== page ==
Hawanatu Bangura, 25, from Sierra Leone, is a member of the Advisory Circle for Australian micro
“I am a refugee from the civil war in Sierra Leone. I was 13 when my family migrated to Australia in 2002.
As a child, I kept hearing the limitations of being a woman – I am one of three girls in my family, and being the youngest I sensed disappointment from some relatives that I was not a boy; that my parents don’t have a son to carry the family name and responsibilities. I questioned myself for being female but as I grew up my mentality changed; I realised women are equally capable of doing anything in life.
No woman should begin her life feeling inadequate. It has been my dream to empower women and girls, to improve their wellbeing and self-esteem, and assist them to become active participants in society. I have also pondered the big question of how to reduce poverty around the world, and I was drawn to the idea of microfinance because it helps people have sustainable self-employment and income.
Global Sisters encapsulate this dream, and their values align with my vision. My role on the Advisory Circle is focused on the story-telling aspect of Global Sisters. Recognising the resilience, courage and enterprise of the women we work with is very rewarding.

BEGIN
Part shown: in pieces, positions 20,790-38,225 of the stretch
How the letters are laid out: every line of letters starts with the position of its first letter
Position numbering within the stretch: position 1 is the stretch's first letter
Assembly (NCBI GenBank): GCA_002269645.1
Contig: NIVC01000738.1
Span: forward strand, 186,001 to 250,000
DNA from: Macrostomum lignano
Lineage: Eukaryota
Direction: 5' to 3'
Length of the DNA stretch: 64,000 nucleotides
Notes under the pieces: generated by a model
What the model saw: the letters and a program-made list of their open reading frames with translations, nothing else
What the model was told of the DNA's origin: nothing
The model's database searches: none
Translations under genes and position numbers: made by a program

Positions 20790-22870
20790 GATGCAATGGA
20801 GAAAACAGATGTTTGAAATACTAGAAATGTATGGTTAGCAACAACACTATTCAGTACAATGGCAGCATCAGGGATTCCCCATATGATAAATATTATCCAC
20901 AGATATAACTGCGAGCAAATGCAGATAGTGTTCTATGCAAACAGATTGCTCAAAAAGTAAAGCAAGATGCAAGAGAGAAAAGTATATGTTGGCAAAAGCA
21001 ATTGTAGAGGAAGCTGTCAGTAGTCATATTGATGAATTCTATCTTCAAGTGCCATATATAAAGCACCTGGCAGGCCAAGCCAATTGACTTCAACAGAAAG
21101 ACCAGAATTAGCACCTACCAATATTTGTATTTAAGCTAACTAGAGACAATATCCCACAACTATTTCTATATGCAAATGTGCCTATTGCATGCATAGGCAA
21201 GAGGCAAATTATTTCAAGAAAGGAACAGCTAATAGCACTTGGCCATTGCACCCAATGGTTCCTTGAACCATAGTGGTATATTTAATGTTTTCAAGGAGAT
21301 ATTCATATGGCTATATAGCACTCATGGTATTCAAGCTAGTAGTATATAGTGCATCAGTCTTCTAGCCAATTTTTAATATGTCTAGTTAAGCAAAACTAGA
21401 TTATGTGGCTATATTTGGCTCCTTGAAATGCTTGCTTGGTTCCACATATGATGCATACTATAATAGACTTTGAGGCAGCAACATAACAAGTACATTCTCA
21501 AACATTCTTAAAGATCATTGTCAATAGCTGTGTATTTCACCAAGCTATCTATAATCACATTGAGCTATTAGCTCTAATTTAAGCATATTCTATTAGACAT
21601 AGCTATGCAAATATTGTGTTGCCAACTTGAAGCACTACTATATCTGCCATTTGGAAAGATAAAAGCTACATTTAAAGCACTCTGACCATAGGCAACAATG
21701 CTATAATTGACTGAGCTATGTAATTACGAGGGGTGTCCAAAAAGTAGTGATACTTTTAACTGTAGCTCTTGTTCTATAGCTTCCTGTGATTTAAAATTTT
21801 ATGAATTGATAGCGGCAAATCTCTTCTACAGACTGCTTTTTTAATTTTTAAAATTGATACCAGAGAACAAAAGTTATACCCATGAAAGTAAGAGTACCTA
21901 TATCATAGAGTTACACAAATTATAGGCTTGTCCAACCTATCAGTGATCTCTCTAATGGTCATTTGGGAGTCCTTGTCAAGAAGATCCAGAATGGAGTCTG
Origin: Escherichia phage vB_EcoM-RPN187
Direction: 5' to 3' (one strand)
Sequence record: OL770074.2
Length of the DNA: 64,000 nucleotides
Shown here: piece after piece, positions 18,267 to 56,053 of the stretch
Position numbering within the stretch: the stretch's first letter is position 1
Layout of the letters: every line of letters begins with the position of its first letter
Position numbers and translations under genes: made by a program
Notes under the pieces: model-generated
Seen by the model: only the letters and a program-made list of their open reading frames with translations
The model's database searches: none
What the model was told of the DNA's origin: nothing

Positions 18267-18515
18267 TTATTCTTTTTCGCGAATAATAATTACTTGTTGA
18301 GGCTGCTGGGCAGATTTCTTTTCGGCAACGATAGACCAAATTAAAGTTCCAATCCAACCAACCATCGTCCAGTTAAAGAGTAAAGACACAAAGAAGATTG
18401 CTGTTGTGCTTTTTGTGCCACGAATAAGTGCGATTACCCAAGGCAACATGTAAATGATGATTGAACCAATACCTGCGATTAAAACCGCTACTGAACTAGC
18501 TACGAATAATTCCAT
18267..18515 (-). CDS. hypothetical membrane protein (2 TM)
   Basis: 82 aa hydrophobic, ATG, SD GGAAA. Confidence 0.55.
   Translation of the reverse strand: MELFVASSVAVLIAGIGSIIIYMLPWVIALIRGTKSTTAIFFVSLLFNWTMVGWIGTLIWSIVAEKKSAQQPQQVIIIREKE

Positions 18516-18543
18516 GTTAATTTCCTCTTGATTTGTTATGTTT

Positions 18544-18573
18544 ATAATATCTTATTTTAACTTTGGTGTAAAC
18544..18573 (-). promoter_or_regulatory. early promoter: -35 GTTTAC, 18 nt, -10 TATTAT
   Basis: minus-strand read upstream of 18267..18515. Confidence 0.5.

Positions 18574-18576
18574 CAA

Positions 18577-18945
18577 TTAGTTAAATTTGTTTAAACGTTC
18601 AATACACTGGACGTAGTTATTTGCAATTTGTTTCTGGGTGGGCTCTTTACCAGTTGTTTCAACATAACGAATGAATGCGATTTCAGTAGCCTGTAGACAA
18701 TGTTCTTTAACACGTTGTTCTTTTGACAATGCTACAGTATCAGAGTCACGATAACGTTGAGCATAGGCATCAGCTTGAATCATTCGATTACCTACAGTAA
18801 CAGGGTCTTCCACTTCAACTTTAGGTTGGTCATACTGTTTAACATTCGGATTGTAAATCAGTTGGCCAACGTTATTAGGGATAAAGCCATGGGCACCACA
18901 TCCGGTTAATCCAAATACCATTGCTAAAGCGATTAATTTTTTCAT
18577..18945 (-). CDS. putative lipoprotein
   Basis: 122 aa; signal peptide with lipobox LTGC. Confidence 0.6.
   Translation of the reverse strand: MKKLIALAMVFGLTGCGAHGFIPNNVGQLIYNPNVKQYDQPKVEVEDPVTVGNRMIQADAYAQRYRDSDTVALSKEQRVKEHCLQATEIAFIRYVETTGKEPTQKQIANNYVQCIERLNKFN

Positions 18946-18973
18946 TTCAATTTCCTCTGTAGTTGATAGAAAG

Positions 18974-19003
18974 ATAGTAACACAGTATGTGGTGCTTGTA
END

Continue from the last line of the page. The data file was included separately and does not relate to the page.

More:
The Founder of Global Sisters, Mandy Richards, works to support micro and social enterprises in Australia [which are run by refugee and migrant women]. Mandy saw the entrepreneurs coming up against the same barriers and challenges. After identifying the needs of women who are financially excluded and marginalised in Australia, she wanted to create an end-to-end solution to support women who wish to exit welfare-reliance and achieve sustainable self-employment.
Our Project Inspire concept is part of our broader plan to scale our model. We want to accelerate impact, and support women so they can move more quickly from an idea to a sustainable business. Rather than provide one solution, we want to provide an entire suite of services and support. We want to work smart and use technology to accelerate impact wherever possible.
I have seen the injustice of women being economically disempowered, in both my birth country of Sierra Leone and in Australia. Access to capital, financial exclusion and capability, and in Australia, welfare dependence, are all factors that are holding women back.
By empowering women financially, telling their stories of resilience, and connecting women so they can help one another, we are breaking the cycle of poverty and giving women the opportunity to claim back their right to provide for their family and fully participate in the economy. This not only transforms their lives but has the amazing flow-on effect of benefiting their families, communities and ultimately the entire country.”